Author Laina Villeneuve highlighted a thought-provoking blog by NYT best-selling romance and YA author Christina Lauren: Romance Novels Are Primed To Make An Impact On Society, So Stop Calling Them “Trashy,” OK? I loudly applaud the idea that we stop denigrating our own books, and that we challenge those people who do. You may recall this blog: Let’s All Stop Shaming Women Who Read Romance.
Coming at it from the perspective of someone who left the sciences to write romance and has encountered the ubiquitous assumption that what she is doing is a step backward for her life and for society, Lauren proposes that romance novels are about to change the world, and many writers of it are deliberately embracing a brave, new landscape.
She’s right about the growing change in the romance paradigm:
“The [new, independent] voices in this genre are busy telling the world what matters to women. Yes, we care about career, work-life balance, respect — obviously critically important things. But what if, the authors of these books are beginning to ask with their themes, we take those things as given and then ask for more: to be seen as sexual creatures who are in no way delicate, who come in every flavor and color, who like people, actions, or genders society tells them they ought not to? ” (Christina Lauren, Bustle, emphasis hers)
Yes, there is absolutely a new wave of writers who are eschewing the safe boundaries of WSW (white-straight-wealthy) characters and plots that revolve around WSW. But they’re just that: a new wave. That tide has been rolling for decades for writers and readers of lesbian romance.
Not that Lauren’s point isn’t valid. Having had a few years now to watch the tides, it seems to me that every new wave feels that they are breaking new ground. It is new ground in the sense that they are building on a momentum that those who came before didn’t have. Their tide may reach higher and farther because they start closer to the desired shore. Those in the waves that reached shore ahead of them, though, look back on seas that are very different than the ones they sailed, and can feel a little bit of “been there, been doing that.”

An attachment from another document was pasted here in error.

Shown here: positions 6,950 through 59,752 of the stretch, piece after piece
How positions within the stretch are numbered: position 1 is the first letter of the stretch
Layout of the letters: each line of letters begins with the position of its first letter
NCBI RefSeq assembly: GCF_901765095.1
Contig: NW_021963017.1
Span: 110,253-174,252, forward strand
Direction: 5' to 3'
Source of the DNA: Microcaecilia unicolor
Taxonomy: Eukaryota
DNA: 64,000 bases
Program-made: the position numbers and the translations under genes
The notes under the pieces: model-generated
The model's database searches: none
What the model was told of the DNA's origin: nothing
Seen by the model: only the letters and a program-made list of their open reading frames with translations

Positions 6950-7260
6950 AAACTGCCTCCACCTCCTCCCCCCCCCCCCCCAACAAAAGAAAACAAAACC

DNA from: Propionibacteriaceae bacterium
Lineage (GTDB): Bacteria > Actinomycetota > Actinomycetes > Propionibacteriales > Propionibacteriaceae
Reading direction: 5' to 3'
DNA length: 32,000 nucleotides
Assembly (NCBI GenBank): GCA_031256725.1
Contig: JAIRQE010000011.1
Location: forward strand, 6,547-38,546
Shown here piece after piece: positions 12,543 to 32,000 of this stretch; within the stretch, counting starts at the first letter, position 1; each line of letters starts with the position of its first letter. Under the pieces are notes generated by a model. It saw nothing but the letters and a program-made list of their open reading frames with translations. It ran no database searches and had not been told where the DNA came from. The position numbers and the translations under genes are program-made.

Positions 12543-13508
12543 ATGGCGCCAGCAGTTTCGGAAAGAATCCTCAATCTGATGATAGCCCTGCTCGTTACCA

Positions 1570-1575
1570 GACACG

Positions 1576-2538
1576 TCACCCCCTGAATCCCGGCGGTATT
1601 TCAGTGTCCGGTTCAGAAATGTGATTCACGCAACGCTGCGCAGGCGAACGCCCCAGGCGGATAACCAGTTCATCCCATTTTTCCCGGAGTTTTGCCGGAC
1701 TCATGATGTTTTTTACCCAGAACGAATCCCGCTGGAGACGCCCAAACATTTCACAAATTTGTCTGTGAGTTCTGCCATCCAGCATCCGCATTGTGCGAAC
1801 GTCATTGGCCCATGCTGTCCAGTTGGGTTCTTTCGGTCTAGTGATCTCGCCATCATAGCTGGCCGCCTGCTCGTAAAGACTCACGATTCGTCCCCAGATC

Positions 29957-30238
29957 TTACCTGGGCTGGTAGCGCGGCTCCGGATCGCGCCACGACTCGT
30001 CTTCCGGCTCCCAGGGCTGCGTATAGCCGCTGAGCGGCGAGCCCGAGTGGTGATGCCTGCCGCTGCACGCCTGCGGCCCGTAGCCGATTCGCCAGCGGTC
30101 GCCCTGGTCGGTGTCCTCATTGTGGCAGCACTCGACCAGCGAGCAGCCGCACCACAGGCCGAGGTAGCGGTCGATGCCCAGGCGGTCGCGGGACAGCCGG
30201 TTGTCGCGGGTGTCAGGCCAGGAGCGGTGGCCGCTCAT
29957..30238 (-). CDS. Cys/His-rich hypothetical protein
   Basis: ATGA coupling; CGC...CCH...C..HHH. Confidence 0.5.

Lauren enthusiastically recognizes the existence of LGBTQIA romance (even if her predictions about its future are, in my humble opinion, unrealistic). But if she’s aware that it has existed, thrived, and dared to write more explicitly about women long before 2010, it doesn’t show in her sense of the history of the genre. While other sub-genres are not quite as venerable (and TQIA in romance are virtually new), as an openly labelled genre, lesbian romance has existed for well over 30 years and in more underground subtext long before that.
I have yet to encounter any lesbian romance that did not have the radical presumption that women are people: able to choose sex and their sex partners, able to define themselves as their own kind of women.
Written almost exclusively by women for other women, it has reflected the social fabric of lives outside “normal” and made it, for those women, their new normal. In the pages of lesbian romance, women have never waited for permission to exist on their own terms.
Describing what she feels are the values romance novels and their vast popularity bring to the table of social change, Lauren sums up:
“Romance novels may not directly influence the global political sphere in the way that, say, nonfiction can, but they can influence how people treat each other, how we define love, how we accept others who are broken in ways maybe we aren’t, who express themselves in ways we once considered deviant. These are the things that bind a society, and romance novels — books about relationships and reflection — can lead enormous groups of people into places they never thought to imagine.” (Christina Lauren, Bustle)